Srinagar : To address the issues of child safety and to explore solutions to ensure a secure online environment for children by raising faculty and student awareness, the Department of Social Work, Kashmir University (KU) in collaboration with Reform Foundation Tuesday organised an awareness-cum-brainstorming workshop here.
According to a statement issued from Centre for Public Relations Office University of Kashmir, Srinagar titled ‘Child Safety and Cyber Space: Challenges and Opportunities’, the event featured discussions on awareness and sensitisation regarding cyber issues, challenges and control mechanisms with special emphasis on making the digital space safe for children.
Students, academics, civil society, officials from police and civil administration, industry and children’s organisations attended the programme.
KU Vice Chancellor, Prof Nilofer Khan said having teacher participants and people joining in from various government departments, law enforcing agencies indicates that we are in the right direction as they are connected with the ground with the power to transform societies.”
“We need to enhance parental controls and introduce legislations for safe online navigation. We need to train ourselves first by understanding the good and bad of the cyber world while being within the fold,” Prof Khan added.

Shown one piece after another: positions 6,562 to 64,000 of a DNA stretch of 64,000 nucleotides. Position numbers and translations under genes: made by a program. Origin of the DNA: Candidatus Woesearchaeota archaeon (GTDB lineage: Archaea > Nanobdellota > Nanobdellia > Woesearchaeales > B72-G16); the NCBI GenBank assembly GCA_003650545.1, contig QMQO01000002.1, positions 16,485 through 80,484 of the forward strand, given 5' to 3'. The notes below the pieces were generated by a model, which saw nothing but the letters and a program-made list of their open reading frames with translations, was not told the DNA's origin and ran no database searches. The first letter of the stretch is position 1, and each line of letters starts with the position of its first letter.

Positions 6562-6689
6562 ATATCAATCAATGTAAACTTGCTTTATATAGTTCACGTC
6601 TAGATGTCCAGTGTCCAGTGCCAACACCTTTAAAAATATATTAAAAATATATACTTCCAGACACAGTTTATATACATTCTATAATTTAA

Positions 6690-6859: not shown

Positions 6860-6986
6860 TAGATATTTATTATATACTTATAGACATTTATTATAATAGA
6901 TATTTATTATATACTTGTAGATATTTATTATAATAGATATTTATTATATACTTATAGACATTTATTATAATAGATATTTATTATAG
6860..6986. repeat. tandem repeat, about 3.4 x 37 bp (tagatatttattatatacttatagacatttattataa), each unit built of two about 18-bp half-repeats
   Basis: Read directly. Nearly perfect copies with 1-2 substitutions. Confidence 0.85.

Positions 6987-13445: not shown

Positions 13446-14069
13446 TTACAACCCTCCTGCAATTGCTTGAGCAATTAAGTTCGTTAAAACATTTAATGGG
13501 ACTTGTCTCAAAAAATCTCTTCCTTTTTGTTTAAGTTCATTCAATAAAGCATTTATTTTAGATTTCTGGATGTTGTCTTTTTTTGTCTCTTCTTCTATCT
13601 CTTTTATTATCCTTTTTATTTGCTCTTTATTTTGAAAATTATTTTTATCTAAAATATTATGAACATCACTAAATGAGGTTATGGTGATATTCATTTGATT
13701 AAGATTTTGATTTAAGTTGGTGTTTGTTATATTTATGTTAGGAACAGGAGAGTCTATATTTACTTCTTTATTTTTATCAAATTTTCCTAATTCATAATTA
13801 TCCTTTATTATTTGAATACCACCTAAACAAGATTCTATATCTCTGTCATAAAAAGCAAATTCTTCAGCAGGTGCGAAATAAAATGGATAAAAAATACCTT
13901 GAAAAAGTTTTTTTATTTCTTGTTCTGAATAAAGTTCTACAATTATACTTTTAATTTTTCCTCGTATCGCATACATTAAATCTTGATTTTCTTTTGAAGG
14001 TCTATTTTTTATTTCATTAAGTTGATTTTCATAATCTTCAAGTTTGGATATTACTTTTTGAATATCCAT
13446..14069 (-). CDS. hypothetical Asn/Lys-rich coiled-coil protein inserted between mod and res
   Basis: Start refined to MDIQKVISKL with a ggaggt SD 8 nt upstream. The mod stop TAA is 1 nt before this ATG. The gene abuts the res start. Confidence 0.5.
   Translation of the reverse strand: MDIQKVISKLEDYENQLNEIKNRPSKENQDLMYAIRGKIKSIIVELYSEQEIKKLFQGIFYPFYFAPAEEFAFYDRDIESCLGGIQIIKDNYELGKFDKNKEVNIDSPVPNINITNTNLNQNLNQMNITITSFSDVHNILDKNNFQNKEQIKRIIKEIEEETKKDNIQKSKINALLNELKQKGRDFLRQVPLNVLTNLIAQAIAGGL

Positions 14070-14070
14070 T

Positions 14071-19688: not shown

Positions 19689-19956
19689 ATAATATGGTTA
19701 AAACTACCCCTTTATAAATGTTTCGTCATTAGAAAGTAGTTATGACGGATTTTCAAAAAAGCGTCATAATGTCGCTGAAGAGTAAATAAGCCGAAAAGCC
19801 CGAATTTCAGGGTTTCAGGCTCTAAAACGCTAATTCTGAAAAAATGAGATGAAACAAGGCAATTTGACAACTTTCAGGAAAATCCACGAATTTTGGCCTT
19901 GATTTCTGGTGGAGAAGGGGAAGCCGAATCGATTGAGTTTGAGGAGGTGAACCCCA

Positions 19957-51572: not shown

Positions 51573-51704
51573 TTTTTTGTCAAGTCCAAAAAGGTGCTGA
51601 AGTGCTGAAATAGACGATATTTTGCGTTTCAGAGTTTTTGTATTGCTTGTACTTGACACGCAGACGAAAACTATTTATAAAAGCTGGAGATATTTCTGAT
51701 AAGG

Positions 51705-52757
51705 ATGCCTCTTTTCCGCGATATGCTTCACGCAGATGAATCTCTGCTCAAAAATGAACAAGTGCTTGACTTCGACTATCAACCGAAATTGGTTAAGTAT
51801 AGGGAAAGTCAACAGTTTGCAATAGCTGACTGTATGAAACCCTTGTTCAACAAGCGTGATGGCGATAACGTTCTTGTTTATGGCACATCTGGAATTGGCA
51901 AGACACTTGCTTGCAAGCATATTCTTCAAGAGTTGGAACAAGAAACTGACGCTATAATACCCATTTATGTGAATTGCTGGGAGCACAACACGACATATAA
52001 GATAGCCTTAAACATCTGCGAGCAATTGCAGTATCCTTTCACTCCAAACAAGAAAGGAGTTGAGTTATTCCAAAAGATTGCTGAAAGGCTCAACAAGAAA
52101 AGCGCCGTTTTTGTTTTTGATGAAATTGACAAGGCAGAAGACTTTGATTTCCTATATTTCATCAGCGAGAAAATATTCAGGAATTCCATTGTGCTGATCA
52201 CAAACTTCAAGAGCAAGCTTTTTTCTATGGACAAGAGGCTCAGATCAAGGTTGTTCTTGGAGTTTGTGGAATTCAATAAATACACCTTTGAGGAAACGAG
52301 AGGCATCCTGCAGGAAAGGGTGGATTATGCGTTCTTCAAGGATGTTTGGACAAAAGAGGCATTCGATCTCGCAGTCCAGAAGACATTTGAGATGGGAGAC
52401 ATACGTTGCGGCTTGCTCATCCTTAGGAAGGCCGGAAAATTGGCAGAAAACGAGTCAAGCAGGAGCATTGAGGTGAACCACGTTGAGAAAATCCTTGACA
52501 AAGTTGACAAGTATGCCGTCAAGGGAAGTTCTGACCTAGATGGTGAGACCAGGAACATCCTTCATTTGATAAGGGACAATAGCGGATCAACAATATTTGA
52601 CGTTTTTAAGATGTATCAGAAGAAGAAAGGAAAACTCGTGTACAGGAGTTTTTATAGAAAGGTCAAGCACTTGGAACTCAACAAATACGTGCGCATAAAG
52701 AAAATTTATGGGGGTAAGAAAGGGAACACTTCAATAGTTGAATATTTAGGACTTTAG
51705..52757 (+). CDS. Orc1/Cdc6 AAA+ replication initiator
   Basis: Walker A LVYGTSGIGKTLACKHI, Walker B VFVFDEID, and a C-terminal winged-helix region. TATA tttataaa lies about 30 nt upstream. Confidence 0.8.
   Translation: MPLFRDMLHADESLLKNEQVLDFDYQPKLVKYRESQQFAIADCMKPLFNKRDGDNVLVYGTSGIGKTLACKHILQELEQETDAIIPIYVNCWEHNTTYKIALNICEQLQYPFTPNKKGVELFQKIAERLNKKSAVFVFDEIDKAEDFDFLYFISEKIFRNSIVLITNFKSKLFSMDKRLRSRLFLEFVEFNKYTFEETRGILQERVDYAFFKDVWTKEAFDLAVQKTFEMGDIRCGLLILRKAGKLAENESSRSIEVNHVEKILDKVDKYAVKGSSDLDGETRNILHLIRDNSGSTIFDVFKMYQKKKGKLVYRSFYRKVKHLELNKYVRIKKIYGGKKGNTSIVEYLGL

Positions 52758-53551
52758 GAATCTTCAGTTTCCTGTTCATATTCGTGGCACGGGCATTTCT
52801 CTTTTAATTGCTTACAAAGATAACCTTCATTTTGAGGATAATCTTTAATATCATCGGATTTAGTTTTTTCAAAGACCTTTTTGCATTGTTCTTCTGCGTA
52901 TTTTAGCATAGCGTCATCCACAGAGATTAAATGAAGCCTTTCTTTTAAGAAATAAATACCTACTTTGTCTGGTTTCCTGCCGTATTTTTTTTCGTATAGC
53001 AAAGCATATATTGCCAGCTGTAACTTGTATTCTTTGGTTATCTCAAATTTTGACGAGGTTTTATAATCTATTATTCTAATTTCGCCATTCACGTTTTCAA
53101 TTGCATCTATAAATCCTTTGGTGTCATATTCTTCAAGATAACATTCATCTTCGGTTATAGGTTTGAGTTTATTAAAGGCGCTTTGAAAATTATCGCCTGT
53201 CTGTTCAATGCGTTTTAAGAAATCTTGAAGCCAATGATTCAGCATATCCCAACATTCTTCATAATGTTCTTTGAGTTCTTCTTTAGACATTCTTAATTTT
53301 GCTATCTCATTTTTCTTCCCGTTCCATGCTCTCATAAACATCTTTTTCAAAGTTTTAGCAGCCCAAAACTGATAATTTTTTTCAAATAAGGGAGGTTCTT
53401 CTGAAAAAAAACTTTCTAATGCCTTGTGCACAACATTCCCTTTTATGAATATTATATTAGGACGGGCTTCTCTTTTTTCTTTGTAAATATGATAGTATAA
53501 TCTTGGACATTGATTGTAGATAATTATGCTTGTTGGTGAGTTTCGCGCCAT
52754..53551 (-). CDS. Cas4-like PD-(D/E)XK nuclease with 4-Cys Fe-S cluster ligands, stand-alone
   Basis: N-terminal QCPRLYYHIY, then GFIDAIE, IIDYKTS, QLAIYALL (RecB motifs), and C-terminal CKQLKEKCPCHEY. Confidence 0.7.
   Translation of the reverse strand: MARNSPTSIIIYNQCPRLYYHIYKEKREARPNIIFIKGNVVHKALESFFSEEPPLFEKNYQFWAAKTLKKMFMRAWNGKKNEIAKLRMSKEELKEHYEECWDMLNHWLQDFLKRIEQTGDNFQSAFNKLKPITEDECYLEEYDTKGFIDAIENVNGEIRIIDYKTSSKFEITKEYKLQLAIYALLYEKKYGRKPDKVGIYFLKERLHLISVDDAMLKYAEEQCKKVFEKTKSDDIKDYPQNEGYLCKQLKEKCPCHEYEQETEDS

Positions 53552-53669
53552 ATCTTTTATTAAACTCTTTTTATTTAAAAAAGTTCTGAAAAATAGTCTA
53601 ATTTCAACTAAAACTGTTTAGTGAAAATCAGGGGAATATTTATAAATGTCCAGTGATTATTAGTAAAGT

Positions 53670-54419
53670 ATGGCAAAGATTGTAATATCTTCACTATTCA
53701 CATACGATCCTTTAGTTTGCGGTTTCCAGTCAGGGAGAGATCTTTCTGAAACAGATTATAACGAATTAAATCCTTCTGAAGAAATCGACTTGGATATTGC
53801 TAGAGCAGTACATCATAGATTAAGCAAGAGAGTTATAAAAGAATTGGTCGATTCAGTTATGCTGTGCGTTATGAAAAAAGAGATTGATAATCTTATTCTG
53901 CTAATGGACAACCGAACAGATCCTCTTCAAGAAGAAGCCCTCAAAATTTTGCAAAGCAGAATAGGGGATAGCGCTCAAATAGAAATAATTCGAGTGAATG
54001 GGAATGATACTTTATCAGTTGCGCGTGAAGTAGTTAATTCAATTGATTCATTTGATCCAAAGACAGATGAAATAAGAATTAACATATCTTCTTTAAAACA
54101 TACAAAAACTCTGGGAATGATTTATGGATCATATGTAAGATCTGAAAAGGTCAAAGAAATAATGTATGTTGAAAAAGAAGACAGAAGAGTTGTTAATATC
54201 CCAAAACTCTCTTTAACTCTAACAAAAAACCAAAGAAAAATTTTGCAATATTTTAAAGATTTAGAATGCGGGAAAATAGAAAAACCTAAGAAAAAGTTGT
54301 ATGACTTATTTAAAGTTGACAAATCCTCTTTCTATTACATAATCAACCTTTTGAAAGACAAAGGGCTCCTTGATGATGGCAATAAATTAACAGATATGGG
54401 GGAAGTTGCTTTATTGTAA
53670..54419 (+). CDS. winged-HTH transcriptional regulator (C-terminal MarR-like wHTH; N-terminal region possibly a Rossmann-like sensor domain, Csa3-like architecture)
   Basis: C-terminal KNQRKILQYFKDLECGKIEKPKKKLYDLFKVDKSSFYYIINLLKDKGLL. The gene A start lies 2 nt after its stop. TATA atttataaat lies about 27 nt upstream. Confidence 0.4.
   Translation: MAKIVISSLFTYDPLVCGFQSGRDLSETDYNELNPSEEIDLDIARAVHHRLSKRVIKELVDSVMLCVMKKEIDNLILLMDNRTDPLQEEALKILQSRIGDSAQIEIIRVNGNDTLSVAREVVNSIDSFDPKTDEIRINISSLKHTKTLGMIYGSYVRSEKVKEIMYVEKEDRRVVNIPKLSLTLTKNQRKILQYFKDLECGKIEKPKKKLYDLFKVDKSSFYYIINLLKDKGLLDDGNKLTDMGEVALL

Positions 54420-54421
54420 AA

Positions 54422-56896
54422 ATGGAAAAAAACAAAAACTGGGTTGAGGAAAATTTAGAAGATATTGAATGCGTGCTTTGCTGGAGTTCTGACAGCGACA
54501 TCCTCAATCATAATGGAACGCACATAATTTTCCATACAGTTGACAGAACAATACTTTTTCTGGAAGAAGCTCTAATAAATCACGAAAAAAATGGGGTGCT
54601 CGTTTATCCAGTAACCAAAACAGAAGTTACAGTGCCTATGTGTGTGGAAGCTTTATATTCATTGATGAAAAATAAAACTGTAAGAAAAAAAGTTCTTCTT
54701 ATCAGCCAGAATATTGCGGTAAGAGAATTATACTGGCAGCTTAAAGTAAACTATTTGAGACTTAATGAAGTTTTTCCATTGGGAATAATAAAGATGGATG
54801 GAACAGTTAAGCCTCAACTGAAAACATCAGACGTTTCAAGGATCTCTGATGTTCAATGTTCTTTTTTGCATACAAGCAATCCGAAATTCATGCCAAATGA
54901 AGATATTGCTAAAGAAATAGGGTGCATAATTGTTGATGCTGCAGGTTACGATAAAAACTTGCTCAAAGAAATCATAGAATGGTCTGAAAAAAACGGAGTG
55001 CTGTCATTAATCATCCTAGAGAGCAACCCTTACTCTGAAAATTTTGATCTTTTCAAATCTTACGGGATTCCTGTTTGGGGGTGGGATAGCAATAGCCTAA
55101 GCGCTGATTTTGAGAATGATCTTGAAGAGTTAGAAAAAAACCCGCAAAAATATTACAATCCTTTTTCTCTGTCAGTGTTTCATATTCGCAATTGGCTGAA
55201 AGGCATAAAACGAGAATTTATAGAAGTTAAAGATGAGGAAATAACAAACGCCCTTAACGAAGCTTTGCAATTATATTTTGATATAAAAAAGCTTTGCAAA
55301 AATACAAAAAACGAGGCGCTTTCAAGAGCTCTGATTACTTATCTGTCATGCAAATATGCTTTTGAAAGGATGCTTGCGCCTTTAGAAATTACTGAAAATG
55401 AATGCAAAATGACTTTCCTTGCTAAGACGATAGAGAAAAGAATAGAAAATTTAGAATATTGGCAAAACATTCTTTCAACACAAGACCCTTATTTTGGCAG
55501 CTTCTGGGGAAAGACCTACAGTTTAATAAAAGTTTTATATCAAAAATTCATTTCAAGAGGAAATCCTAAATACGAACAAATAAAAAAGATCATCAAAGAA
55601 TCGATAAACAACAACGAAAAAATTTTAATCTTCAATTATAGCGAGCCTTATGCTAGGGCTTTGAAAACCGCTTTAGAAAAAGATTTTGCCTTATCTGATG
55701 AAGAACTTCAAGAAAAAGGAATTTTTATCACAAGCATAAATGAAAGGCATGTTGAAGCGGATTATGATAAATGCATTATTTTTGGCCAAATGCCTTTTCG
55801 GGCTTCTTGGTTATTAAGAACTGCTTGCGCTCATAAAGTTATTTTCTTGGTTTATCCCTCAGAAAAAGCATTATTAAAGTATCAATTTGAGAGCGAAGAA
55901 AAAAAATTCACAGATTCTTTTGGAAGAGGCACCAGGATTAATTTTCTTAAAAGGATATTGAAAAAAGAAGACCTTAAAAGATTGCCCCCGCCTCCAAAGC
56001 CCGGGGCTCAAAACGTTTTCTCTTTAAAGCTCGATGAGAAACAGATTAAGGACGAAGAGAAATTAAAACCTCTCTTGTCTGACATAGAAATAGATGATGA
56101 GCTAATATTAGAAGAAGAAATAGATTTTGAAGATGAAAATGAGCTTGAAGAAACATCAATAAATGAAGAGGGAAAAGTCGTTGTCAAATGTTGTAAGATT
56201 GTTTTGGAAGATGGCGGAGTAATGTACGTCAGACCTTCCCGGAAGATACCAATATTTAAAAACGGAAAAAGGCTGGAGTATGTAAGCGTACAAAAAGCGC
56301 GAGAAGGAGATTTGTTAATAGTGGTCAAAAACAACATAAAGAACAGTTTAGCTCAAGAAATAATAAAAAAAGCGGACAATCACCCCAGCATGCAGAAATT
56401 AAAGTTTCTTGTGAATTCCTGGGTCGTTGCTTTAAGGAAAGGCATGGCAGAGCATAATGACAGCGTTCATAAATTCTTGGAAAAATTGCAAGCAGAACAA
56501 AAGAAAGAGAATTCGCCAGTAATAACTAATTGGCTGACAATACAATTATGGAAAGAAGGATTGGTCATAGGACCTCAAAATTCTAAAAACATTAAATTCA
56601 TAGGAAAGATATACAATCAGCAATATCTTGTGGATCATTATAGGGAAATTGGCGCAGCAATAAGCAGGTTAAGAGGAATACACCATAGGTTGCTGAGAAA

Inspector General of Police (IGP), Central Investigation Department (CID), Jammu and Kashmir, Nitish Kumar said the theme is not only relevant but “something that affects all of us including our children in multiple ways”.
“Cyber security is a wide topic as there are layers to it. Through education and awareness, we can keep our children safe and secure,” he said, adding that there is need to understand it through the children’s perspective.
Rakesh Maheshwari, Advisory Council, Cyber Peace and former Senior Director, Cyber Laws and Data Governance, Ministry of Electronics and Information Technology said there are “side channels” posing new challenges and dangers by collecting personal data compromising safety.
“The interaction on internet and social media is increasing posing a serious risk making our children more vulnerable,” he reiterated.
KU Registrar, Dr Nisar Ahmad Mir, said the varsity engages youth by collaborating with law enforcement and government agencies to sensitise and educate them about various societal problems.
“The upskilling of educators should be our priority vis-a-vis cyber threats, drug abuse, etc.,” Dr Mir said, adding that KU has a critical role to play by mobilising masses for social reforms.
Director, Reform Foundation, Sheikh Inayatullah said that children are the most vulnerable as they cannot differentiate between good or bad as it is a matter of excitement for them.
“Borders are becoming irrelevant today as cyberterrorists go untraceable trolling, spreading misinformation and fake news and that is the real challenge,” he added.
Head, Department of Social Work, KU, Dr Shazia Manzoor, said there is an immediate need to educate the youth and academia about the cyber-world and its challenges.
“Unfortunately, children are the worst victims of such threats and we need to provide them with the tools for safe navigation,” Dr Shazia said.